Eve’s Bayou (1997)
Memory is a selection of images, some elusive, others printed indelibly on the brain. The summer I killed my father, I was 10 years old.
It has been a decade since I have seen Kasi Lemmons’ Eve’s Bayou. I remember that it was sitting in my grandmother’s VHS shelf for years gathering dust for all I know. I saw a copy of the movie that my library and picked. I remember certain parts of the movie, but it’s good to have a refresher.
1962 Louisana is where we have the story of the Batiste family. Eve (Jurnee Smollett) named after an ancestor that saved her master from dying, is being treated unfairly by the family. Being the middle child, she is left out in the cold.
During a house party one night, Eve caught her father, Louis (Samuel L. Jackson) being intimate with a woman, Metty Mereaux (Lisa Nicole Carson) in the carriage house where she was hiding. Traumatized about what she saw, Louis tries to keep his secret quiet from his wife, Roz (Lynn Whitfield).
She tries to tell her older sister, Cisely (Meagan Good) about what she saw, but Cisely chooses not to believe her. She thinks that she is lying. Cisely spins the story to say that they were drunk and falling on each other.
Eve begins to have terrible nightmares or maybe they are premonitions of what things are to come. She hangs around her Aunt Mozelle (Debbi Morgan) who is the psychic around the bayou and possibly practices voodoo.
Roz knows deep down in her soul that Louis is being unfaithful to her. She regrets leaving her family for a snake in the grass. Walking down by the bayou, Roz and Mozelle stumbles upon Elzora (Diahann Carroll), a rival psychic of Mozelle’s. Curious Roz decides to have a reading that warns her of impending doom in her family. Unimpressed by Elzora, Mozelle asks for a reading. Elzora tells her that she is a “black widow” cursed with having the loves of her life dies in front of her very eyes.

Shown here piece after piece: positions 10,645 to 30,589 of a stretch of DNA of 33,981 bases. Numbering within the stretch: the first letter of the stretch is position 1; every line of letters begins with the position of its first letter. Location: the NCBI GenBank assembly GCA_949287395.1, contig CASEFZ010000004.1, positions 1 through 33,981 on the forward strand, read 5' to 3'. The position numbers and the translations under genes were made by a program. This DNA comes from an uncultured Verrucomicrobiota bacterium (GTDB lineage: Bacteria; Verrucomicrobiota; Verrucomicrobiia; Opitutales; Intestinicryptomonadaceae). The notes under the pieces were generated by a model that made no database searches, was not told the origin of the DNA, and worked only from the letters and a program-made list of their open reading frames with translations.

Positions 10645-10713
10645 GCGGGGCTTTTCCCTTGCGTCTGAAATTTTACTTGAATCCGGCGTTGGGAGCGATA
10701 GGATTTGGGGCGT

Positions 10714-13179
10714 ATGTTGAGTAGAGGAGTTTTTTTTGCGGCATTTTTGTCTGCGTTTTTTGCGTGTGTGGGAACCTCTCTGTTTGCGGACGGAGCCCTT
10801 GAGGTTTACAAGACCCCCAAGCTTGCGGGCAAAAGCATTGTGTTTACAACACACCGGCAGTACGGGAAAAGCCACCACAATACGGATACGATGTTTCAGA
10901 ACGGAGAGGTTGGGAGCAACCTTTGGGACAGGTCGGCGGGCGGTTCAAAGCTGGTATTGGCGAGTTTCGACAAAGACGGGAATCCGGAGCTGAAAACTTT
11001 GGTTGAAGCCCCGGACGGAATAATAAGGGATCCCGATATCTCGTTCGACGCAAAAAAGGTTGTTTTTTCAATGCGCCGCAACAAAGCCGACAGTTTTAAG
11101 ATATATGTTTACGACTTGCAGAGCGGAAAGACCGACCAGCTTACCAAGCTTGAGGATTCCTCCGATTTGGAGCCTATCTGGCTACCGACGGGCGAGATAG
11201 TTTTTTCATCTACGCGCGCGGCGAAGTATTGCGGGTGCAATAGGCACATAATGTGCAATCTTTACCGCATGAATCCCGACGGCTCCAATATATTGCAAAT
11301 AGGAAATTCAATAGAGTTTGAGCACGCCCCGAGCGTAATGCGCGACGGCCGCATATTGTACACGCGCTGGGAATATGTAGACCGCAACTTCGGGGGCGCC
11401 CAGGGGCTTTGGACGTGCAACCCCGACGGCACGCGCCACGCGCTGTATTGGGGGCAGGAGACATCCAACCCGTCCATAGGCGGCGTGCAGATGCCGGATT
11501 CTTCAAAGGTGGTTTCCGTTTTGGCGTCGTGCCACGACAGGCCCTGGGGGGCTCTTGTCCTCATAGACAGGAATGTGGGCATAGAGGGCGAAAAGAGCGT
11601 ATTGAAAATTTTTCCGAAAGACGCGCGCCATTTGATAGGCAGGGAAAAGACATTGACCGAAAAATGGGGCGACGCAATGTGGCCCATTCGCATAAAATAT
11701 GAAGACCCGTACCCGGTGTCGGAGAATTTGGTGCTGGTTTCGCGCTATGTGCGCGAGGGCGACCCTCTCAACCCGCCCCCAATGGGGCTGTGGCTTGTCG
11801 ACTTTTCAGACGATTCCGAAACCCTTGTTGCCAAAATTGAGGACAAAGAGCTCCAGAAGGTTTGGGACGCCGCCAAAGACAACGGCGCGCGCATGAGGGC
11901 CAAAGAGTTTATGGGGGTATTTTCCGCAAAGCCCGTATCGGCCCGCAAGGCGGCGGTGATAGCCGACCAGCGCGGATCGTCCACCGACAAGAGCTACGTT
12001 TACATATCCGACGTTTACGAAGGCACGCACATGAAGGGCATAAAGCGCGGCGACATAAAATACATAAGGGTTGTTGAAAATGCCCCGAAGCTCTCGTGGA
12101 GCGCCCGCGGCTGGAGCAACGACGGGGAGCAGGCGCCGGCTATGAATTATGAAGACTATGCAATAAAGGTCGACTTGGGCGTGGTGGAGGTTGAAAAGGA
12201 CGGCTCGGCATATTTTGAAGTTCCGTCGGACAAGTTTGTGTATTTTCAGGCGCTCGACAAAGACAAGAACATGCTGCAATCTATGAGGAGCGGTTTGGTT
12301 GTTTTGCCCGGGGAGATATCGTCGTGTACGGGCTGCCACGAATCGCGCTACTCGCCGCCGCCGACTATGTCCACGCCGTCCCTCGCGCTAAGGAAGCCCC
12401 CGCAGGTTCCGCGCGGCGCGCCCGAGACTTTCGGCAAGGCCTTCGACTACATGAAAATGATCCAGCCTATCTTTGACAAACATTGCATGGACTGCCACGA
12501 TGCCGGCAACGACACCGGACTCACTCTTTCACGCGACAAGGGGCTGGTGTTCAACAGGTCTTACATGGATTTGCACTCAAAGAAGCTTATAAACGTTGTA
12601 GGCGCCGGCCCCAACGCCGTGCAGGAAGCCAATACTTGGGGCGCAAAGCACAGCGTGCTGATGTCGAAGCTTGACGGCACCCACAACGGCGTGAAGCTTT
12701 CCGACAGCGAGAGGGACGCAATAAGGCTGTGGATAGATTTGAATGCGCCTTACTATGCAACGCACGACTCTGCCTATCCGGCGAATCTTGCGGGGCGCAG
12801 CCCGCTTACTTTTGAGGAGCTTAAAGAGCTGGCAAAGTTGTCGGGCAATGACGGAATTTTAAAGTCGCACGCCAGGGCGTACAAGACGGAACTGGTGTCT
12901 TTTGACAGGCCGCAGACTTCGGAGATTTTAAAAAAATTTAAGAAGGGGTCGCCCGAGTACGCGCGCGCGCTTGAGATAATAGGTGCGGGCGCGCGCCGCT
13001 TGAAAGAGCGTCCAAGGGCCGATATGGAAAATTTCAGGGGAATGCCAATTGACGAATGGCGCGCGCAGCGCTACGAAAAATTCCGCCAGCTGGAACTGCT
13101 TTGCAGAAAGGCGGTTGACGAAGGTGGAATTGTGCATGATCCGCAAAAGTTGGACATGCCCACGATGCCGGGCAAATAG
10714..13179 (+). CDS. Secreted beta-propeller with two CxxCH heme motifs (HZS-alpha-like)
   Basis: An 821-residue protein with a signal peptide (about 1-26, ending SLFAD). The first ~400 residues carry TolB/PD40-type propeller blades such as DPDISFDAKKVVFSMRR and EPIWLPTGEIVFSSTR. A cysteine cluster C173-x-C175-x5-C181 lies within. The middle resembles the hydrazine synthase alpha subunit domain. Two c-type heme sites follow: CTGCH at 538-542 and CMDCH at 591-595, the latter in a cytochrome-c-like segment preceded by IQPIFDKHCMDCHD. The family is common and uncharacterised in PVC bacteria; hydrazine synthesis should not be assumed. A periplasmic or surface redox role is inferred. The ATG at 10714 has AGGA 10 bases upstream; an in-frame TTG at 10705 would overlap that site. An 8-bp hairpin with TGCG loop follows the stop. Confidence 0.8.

Slowly but surely, the secrets that were long-buried deep come up in unexpected ways. The family lives turn upside down.
It is refreshing to see a black movie that has complex characters. They are fully realized. I especially enjoyed watching Debbi Morgan’s performance. She won nominated for a couple of awards for her performance and won the Indie Spirit Award. It was well deserved.
Judgment: A movie that has heart, but tends to veer into the melodramatic at times.
Posted on April 19, 2011, in 1997, Drama, Independent, Running Feature, The SIL Festival and tagged Brandford Marsalis, Debbi Morgan, Diahann Carroll, Ethel Ayler, Eve's Bayou, Jurnee Smollett, Kasi Lemmons, Lisa Nicole Carson, Lynn Whitfield, Meagan Good, New Orleans, Roger Guenveur Smith, Samuel L. Jackson, Vondie Curtis-Hall. Bookmark the permalink. 2 Comments.